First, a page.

The kids, all 1,000+ of them, and our teachers, are what make work worthwhile. :) I'm still in a fixed, all day teaching schedule, completing six to seven, back-to-back, 45-minute lessons a day. That rigorous schedule has helped me help the school counselor to teach the 1st - 5th grade career lessons, but the best parts of my days are working with the students, and/or finding some time to help students get a book they love and want to read.
I'm on my way to accomplishing some of my personal S.M.A.R.T. goals. Literacy Committee approved LOTS of new titles, so that we can update our aging collection with a focus on fiction and everybody books. We are also getting some high-interest interactive eBooks and some more single-use/check out and download titles. Hopefully this will help me build student-interest in eBooks too. They are SO handy to have on your device, and no worrying about overdue books, losing, or damaging them. (My new Book Hospital bin stays full with tattered, well-loved books!)
I made an easy display with the information that our local public library sent on students that participated in their summer reading program. I've also coordinated with that same library to have them attend an evening, school PTA art event so that they can help more local citizens get a library card. (I need to sign up for my honorary card to their library since I don't live in the county where I work. That way I can explore their resources, see how they work with our collection, and encourage students to utilize their eBooks in conjunction with ours.)
I read aloud "The Dot" by Peter H. Reynolds to my second graders, and most students "made their mark" using Paint software. When the computer lab was unavailable, other students used crayons to mix colors to make their dot. One student even figured out and crafted a 3D dot from paper stuffed with tissue that she taped together! Other students worked together to combine their dots to make bigger dots. LOVE it! Hope to do even bigger and better things next year for "Dot Day"!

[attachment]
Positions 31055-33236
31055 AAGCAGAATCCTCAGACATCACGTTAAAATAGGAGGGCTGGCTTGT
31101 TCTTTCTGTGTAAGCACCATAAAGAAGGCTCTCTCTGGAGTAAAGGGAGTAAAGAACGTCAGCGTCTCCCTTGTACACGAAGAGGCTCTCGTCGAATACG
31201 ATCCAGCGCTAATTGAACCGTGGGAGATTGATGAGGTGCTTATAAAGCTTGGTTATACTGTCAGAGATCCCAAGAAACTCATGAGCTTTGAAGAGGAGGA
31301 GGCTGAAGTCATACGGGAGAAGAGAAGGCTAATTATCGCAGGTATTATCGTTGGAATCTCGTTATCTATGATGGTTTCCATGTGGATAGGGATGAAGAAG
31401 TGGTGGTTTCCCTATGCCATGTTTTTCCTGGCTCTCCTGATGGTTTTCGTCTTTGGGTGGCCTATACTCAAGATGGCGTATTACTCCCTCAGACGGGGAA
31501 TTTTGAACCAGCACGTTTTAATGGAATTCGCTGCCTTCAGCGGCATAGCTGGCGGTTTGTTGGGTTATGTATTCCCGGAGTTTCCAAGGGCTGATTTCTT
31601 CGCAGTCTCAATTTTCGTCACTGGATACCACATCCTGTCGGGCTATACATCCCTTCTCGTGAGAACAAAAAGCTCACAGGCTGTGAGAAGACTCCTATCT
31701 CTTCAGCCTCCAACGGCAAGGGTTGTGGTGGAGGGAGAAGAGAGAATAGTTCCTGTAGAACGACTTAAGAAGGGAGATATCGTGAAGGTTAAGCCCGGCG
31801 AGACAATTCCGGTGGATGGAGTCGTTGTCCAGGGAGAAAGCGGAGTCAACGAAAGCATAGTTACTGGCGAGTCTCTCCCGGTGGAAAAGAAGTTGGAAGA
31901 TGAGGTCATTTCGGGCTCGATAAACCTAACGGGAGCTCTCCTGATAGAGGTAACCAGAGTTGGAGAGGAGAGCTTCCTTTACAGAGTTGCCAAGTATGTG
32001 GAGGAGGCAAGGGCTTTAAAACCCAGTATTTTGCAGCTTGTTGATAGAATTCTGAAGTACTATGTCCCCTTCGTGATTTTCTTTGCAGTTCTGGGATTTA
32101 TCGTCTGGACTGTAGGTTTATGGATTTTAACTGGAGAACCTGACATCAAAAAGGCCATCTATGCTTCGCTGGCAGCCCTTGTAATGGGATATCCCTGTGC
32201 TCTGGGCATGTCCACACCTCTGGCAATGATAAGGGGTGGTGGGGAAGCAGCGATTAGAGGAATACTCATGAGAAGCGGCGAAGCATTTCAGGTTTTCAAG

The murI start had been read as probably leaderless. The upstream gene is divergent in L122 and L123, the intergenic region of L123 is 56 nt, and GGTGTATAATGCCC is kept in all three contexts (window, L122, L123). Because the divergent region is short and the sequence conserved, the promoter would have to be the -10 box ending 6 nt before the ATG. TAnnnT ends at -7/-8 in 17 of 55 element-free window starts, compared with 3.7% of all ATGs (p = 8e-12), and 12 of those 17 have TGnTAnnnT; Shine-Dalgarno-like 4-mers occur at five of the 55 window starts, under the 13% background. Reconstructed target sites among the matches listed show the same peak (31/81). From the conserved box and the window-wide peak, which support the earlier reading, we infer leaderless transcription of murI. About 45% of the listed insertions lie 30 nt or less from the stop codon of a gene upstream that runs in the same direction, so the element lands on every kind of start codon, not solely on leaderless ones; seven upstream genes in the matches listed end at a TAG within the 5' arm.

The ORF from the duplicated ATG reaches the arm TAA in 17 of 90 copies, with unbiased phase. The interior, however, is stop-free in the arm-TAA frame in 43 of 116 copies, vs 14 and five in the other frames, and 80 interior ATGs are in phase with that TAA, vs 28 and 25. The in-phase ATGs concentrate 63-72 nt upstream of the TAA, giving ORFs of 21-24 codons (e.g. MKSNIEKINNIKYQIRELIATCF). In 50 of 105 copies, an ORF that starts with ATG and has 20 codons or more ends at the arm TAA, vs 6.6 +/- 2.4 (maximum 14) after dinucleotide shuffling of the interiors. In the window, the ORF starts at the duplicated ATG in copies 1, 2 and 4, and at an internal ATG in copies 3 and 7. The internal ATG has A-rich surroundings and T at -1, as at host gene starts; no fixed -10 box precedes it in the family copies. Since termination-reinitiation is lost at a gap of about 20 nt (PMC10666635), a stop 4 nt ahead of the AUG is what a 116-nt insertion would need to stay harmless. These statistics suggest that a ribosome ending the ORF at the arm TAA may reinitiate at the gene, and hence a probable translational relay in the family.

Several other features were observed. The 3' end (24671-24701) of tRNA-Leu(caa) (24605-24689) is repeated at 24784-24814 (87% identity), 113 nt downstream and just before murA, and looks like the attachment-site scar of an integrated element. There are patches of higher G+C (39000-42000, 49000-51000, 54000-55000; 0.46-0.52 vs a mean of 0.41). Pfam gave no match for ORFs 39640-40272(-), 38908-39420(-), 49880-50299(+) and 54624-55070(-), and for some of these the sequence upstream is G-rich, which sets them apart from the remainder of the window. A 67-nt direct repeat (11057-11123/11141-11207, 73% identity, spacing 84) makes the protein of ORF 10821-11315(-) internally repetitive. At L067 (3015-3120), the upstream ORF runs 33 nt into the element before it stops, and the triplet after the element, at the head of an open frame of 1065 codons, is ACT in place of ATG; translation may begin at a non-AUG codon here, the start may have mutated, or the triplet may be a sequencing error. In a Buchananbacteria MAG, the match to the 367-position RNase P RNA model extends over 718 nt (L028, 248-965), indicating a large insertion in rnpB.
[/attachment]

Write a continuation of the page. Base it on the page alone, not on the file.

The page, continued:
I put up a simple "Fall in Love With Reading" display to showcase some fall, apple, and leaf books, both fiction and nonfiction.
I shared loads of pictures and information about our media center renovation with a Dekalb County Media Specialist who is looking for ideas for his media center renovation.
Most recently, I saw this idea on Pinterest, and made some easy labels for the return cart by the check-in computer. Kids seem to be picking up on utilizing it rather easily. Plus, it helps me get the books shelved a bit faster, especially on the nonfiction side. It's a small, "something new", but one that I'm going to give a solid try, because as one student told me today, "I like that! It's so organized now!" The sign on the bottom left is for 000, 100, 200, and 300 books, since those don't get checked out as much as the other nonfiction texts. Then I grouped 400 and 500 together due to all of those animal books, and placed 600, 700, 800, and 900 on the same shelf, because while loads of 600s and 700s are checked out, not tons of 800s or 900s are. :)
Lastly, I've been asked by our county board media specialist, Susan Grigsby, to be the System Media Committee representative for my region of the county. I shall see what all that entails at my meeting in October, AFTER I savor our first fall break in my 14 years of teaching! SUPER EXCITED!!! Time to relax, catch up on blog post/reading, search for new ideas, and visit family and friends. :)